How publishers destroy science: Elsevier’s XML, API and the disappearing chemical bond. DO NOT BUY XML

TL;DR Elsevier typsetting turns double bonds into garbage.

Those of you who follow this blog will know that I contend that publishers corrupt manuscripts and thereby destroy science.

Those of you who follow this blog will know that Elsevier publicly stated that I could not use the new “Hargreaves” law to mine articles on their web page and I must do this through their API. Originally there were zillions of conditions, which – under our constant criticism – have gradually (but nowhere completely) disappeared. They now allow me to mine from the web page, but insist that their XML-API gives better content.

I have consistently refused to use Elsevier’s API for legal, political and social reasons (I don’t want to sign my rights away, be monitored, have to ask permission, etc.). But I also know from at least 5 years of trying to interpret publishers’ PDFs and HTML that information is corrupted. By this I mean that what the author submits is turned into something different lexically, typographically and often semantics. (Yes, that means that by changing the way something looks , you can change its meaning).

Anyway yesterday Chris Shillum, who was part of the team I challenged, tweeted that he would let me have a paper – in XML format – from the Elsevier API. For those who don’t know, XML is designed to hold information in a style-free form. It can be rendered by a stylesheet or program (e.g. FOP) into whatever font you like. I’m very familiar with XML having run the developers’ list with Henry Rzepa in 1997 and been co-author of the universal SAX protocol. Henry and I have developed Chemical Markup Language (CML) precisely for the purpose of chemical publishing (among many other things).

 

But Elsevier don’t use CML, they use typographers who know nothing about chemistry. At school you may have heard of a “double bond” (http://en.wikipedia.org/wiki/Double_bond). It’s normally represented by two lines between the atoms. We used to draw these with rapidographs, but now we type them. So every chemist in the world will type Carbon Dioxide as

O=C=O

capital-O equals capital-C equals capital-O

You can do it – nothing terrible happens. You can even search chemical databases using this. They all understand “equals”.

But that’s not good enough for Elsevier (and most of the others). It has to look “pretty”. It’s more important that a publication looks pretty than that it’s correct. And that’s one of the major ways they corrupt information. So here’s the paper that Chris Shillum sent me.

First as a PDF.

elsevierchem4

Can you see the C=O double bond in the middle? “(C=O stretching)”. It’s no longer an equals, but a special publisher-only symbol they think looks prettier. Among other things if I search for “C=O” I won’t find the double bond in the text. That’s bad enough. But what’s far worse is that this symbol has been included in their XML. And this gets transmitted to the HTML – which looks like (you can try this yourself http://www.sciencedirect.com/science/article/pii/S0014579301033130 ).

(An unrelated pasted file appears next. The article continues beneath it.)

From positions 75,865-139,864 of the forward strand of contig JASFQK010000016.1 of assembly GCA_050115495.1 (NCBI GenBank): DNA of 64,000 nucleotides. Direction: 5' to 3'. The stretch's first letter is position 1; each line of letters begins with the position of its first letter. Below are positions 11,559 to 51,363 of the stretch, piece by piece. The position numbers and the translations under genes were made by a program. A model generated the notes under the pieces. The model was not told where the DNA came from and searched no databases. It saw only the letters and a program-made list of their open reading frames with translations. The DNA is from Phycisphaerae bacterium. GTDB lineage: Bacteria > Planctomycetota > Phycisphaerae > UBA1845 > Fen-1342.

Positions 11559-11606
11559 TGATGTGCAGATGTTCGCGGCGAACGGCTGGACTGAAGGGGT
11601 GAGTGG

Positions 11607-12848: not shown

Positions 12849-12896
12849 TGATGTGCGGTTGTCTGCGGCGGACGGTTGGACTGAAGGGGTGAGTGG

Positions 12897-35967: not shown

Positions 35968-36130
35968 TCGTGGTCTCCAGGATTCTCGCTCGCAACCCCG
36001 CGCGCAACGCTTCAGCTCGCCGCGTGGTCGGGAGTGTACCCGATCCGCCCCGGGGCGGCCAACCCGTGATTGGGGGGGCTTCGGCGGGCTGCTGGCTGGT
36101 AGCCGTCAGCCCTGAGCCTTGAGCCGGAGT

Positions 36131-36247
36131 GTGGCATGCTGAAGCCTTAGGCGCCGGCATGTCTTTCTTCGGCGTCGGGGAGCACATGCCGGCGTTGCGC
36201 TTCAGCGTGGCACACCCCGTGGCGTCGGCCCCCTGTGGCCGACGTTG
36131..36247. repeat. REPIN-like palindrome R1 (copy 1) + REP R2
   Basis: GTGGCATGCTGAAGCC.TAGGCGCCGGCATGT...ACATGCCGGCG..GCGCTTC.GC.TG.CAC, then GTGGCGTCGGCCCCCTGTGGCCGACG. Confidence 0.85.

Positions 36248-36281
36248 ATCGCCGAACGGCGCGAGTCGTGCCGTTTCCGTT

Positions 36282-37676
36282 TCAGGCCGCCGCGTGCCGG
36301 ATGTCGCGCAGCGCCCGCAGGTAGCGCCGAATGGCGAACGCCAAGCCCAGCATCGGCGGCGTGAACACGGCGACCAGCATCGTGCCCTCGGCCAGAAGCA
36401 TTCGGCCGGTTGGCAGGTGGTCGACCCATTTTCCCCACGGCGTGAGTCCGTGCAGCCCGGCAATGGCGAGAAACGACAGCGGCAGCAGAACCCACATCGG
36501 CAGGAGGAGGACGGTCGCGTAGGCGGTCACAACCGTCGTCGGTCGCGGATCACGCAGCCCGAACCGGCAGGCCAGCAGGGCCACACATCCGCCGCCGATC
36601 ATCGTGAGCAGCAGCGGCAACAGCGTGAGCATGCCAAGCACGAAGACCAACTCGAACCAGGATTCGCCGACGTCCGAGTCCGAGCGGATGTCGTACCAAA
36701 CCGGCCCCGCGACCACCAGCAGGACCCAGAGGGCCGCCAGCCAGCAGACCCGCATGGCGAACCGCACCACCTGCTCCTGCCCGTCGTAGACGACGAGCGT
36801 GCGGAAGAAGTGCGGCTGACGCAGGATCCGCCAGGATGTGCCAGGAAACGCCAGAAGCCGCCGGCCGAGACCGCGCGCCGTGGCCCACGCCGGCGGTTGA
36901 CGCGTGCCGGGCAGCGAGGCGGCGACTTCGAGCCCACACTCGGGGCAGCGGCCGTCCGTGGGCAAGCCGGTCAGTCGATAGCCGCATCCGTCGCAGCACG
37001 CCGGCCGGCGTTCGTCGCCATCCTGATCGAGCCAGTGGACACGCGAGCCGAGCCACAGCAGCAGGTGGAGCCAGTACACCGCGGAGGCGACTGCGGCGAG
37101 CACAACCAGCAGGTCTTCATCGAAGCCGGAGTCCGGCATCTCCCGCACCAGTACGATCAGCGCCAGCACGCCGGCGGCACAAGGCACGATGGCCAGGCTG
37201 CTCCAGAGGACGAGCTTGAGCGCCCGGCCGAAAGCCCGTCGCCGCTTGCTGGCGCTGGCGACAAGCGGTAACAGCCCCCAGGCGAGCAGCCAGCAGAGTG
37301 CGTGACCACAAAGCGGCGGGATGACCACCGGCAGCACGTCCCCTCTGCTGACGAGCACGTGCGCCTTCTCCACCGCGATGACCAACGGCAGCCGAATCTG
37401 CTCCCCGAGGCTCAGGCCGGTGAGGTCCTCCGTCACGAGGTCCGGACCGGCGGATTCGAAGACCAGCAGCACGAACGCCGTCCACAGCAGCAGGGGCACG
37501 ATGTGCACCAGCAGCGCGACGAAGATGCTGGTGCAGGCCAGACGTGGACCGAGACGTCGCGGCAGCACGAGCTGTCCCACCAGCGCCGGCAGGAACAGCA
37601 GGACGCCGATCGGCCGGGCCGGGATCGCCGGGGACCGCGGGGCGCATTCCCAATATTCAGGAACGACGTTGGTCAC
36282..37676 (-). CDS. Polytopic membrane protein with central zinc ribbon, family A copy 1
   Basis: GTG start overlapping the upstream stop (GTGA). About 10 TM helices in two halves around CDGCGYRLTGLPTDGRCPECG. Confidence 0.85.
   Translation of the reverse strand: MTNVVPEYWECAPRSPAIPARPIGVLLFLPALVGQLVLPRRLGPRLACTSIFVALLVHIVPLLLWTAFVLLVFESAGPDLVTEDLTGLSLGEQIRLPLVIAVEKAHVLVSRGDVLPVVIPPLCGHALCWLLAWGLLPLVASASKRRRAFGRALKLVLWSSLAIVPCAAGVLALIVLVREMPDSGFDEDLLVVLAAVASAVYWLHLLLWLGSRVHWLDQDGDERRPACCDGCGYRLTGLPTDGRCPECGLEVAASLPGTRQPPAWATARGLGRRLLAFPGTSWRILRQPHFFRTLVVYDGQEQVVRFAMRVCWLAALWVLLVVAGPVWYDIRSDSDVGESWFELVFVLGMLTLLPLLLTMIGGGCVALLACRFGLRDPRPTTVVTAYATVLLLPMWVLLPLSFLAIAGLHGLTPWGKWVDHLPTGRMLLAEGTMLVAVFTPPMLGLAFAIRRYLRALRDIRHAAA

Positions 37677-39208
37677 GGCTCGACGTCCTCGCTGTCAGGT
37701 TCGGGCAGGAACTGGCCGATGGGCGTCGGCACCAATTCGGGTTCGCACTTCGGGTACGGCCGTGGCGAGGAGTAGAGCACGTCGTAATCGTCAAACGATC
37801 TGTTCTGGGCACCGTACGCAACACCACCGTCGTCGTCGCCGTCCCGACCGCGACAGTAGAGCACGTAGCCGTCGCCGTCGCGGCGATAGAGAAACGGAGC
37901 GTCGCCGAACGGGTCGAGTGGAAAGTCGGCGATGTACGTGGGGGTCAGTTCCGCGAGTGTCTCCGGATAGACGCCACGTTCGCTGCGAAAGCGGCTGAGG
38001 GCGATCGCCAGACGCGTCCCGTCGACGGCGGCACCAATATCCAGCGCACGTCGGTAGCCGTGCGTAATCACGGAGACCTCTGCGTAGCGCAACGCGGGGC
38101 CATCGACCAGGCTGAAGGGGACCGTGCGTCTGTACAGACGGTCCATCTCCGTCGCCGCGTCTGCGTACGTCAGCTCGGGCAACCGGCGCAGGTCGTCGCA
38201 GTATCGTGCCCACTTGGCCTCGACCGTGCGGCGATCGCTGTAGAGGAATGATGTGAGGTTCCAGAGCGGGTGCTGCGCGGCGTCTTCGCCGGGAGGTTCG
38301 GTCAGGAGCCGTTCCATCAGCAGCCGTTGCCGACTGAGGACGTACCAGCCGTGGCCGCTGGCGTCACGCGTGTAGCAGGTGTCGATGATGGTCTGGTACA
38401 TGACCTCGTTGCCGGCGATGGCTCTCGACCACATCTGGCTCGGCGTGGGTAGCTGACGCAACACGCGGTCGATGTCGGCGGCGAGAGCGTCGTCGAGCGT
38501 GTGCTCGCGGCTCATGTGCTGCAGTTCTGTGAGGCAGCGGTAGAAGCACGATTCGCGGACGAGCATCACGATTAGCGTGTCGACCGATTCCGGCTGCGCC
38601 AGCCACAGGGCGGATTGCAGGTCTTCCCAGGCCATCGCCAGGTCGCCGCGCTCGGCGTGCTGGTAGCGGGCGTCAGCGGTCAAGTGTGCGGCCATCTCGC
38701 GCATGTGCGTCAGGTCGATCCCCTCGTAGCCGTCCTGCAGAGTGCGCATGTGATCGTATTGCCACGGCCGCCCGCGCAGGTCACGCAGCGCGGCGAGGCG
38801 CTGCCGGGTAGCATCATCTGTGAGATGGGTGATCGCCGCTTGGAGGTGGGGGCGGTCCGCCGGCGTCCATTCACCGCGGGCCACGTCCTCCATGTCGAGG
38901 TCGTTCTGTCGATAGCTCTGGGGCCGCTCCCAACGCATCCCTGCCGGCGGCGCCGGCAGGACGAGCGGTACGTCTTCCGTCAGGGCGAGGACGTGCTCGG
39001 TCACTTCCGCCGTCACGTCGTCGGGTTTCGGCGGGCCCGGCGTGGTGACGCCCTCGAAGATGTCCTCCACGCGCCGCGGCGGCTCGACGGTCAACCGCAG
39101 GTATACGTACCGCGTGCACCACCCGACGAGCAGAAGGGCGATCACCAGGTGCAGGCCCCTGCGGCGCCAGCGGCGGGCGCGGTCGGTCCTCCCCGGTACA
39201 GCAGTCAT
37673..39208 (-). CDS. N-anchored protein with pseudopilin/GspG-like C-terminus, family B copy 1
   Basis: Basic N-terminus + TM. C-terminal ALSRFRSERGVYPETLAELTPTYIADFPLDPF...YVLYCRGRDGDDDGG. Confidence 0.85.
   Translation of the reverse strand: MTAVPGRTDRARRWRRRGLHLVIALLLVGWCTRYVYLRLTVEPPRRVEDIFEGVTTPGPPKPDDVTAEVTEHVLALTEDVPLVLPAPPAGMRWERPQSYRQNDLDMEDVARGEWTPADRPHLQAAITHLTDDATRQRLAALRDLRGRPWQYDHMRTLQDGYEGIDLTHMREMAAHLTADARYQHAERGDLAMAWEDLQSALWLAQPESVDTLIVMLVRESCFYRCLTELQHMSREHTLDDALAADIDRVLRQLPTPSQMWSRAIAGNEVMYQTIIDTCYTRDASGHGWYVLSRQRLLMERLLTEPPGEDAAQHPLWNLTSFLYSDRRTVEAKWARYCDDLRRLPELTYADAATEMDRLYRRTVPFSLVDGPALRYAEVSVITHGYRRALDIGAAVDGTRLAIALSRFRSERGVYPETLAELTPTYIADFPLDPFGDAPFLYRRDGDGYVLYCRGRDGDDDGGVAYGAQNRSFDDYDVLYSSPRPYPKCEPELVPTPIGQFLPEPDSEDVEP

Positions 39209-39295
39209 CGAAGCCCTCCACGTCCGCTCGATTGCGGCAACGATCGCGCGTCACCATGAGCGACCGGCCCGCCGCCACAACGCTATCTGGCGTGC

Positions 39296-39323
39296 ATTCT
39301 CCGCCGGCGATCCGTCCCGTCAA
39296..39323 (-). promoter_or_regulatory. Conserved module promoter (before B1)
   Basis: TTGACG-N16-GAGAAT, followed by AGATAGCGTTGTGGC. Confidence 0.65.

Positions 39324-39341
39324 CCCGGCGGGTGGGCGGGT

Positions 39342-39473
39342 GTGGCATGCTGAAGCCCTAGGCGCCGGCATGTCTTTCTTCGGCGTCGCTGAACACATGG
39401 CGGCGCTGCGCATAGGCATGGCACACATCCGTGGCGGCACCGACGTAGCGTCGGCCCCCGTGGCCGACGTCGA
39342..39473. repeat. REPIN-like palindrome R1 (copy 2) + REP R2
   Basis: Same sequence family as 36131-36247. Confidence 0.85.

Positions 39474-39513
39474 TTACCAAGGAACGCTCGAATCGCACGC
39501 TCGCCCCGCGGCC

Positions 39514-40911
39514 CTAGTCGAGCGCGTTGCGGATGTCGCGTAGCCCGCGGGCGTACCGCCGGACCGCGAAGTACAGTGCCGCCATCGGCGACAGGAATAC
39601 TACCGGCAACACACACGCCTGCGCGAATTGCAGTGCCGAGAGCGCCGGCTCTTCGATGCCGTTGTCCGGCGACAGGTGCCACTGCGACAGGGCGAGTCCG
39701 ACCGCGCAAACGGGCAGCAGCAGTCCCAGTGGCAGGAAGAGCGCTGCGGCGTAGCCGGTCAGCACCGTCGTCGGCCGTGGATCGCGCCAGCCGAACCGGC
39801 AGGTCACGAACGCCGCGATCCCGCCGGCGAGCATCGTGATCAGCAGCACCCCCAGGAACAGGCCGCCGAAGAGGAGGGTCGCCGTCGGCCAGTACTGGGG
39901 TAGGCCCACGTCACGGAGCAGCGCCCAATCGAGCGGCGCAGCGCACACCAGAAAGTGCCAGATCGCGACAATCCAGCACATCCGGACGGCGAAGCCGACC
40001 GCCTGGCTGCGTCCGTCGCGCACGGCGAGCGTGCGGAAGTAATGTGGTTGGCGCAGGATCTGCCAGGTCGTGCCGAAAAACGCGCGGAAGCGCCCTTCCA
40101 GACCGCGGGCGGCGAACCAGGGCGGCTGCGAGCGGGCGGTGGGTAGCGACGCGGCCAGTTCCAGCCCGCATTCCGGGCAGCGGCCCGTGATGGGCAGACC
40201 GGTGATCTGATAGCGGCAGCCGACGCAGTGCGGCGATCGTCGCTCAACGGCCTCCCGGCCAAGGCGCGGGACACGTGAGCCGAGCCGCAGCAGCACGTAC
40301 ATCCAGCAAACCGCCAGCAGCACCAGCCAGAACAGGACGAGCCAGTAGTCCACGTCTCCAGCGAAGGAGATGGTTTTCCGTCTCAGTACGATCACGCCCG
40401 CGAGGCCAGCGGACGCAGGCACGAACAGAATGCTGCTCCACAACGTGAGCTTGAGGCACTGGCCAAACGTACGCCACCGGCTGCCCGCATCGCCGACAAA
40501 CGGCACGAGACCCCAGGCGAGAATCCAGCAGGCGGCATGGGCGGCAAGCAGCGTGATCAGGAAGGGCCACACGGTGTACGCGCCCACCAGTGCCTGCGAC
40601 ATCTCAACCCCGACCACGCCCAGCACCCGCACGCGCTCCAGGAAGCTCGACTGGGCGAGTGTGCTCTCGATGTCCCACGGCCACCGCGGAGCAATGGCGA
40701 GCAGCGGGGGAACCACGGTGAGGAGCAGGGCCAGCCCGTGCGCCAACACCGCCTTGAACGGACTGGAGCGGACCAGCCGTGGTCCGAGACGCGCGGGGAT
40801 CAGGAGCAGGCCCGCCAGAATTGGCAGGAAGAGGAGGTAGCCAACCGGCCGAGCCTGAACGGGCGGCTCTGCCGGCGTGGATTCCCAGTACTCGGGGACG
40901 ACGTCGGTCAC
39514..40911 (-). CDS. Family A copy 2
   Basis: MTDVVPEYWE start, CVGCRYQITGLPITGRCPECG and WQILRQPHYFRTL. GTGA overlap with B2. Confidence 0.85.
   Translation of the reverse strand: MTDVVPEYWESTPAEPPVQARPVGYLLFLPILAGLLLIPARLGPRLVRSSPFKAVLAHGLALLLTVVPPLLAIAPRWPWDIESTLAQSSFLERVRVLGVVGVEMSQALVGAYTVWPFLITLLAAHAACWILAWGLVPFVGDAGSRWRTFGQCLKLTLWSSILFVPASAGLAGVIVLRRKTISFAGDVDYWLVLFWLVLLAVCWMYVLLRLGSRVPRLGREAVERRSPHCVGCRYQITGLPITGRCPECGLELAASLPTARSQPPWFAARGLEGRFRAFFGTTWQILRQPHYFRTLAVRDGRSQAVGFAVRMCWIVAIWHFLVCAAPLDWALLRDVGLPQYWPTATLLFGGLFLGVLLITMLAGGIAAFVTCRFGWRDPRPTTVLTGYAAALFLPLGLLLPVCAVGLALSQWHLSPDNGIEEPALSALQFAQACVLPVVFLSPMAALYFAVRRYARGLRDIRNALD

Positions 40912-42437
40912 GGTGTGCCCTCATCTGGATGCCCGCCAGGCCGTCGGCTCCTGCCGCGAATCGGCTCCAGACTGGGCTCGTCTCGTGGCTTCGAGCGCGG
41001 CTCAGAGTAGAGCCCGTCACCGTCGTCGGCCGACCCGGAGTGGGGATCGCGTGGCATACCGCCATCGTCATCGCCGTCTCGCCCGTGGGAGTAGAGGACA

elsevierchem

???

What’s happened??? Do you also see a square? The double bond has disappeared.

The square is Firefox saying “I have been given a character I don’t understand and the best I can do is draw a square” – sorry. Safari does the same. Do ANY of you get anything useful? I doubt it.

Because Elsevier has created a special Elsevier-only method of displaying chemistry. It probably only works inside Elsevier back-room – it won’t work in any normal browser. Here’s what has happened.

Elsevier wanted a symbol to display a double bond. “Equals” which all the rest of the world uses – isn’t good enough. So they created their own special Elsevier-double-bond. It’s not a standard Unicode codepoint – it’s in a Private Use Area: (http://en.wikipedia.org/wiki/Private_Use_Areas). This is reserved for a single organisation to use. It is not intended for unrestricted public use. In certain cases groups, with mutual agreement, have developed communities of practice. But I know of no community outside Elsevier that uses this. (BTW the XML uses 6 Elsevier-only DTDs and can only be understood by reading a 500-page manual – the chemistry is hidden somewhere at the end. This is the monstrosity that Elsevier wishes to force us to use.

It’s highly dangerous. If you change a double bond to a triple bond (ethylene => acetylene) it can explode and blow you up. But double and triple bonds are both represented by a hollow square if you try to view Elsevier-HTML. And goodness knows what else:

So Elsevier destroys information.

Chris Shillum tells me on Twitter that it’s not a problem. But it is. Using the Private Use Area without the agreement of the community is utterly irresponsible. No one even knew that Elsevier was doing it.

Why’s it irresponsible? Because many languages use it for other purposes. See Wikipedia above. Estonian, Tibetan, Chinese … If an Elsevier-double-bond is used in these documents (e.g. an Estonian chemistry department) there will be certain corruption of both the chemistry and the Estonian. There are probably 10 million chemical compounds with double bonds and all will be corrupted.

But it’s also arrogant. “We’re Elsevier. We’re not going to work with existing DTDs (XML specifications) – we’re going to invent our own.” Who uses it outside Elsevier? “And we are going to force text-miners to use this monstrosity.”

And it’s the combined arrogance and incompetence of publishers that destroys science during the manuscript processing. I’ve been through it. I know.

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steelgraham

Scotland's (main, but not only) #OpenScience #OpenAccess #OpenData #OpenSource #OpenKnowledge & #PatientAdvocate Loves blogging http://figshare.com/blog Glasgow, Scotland.

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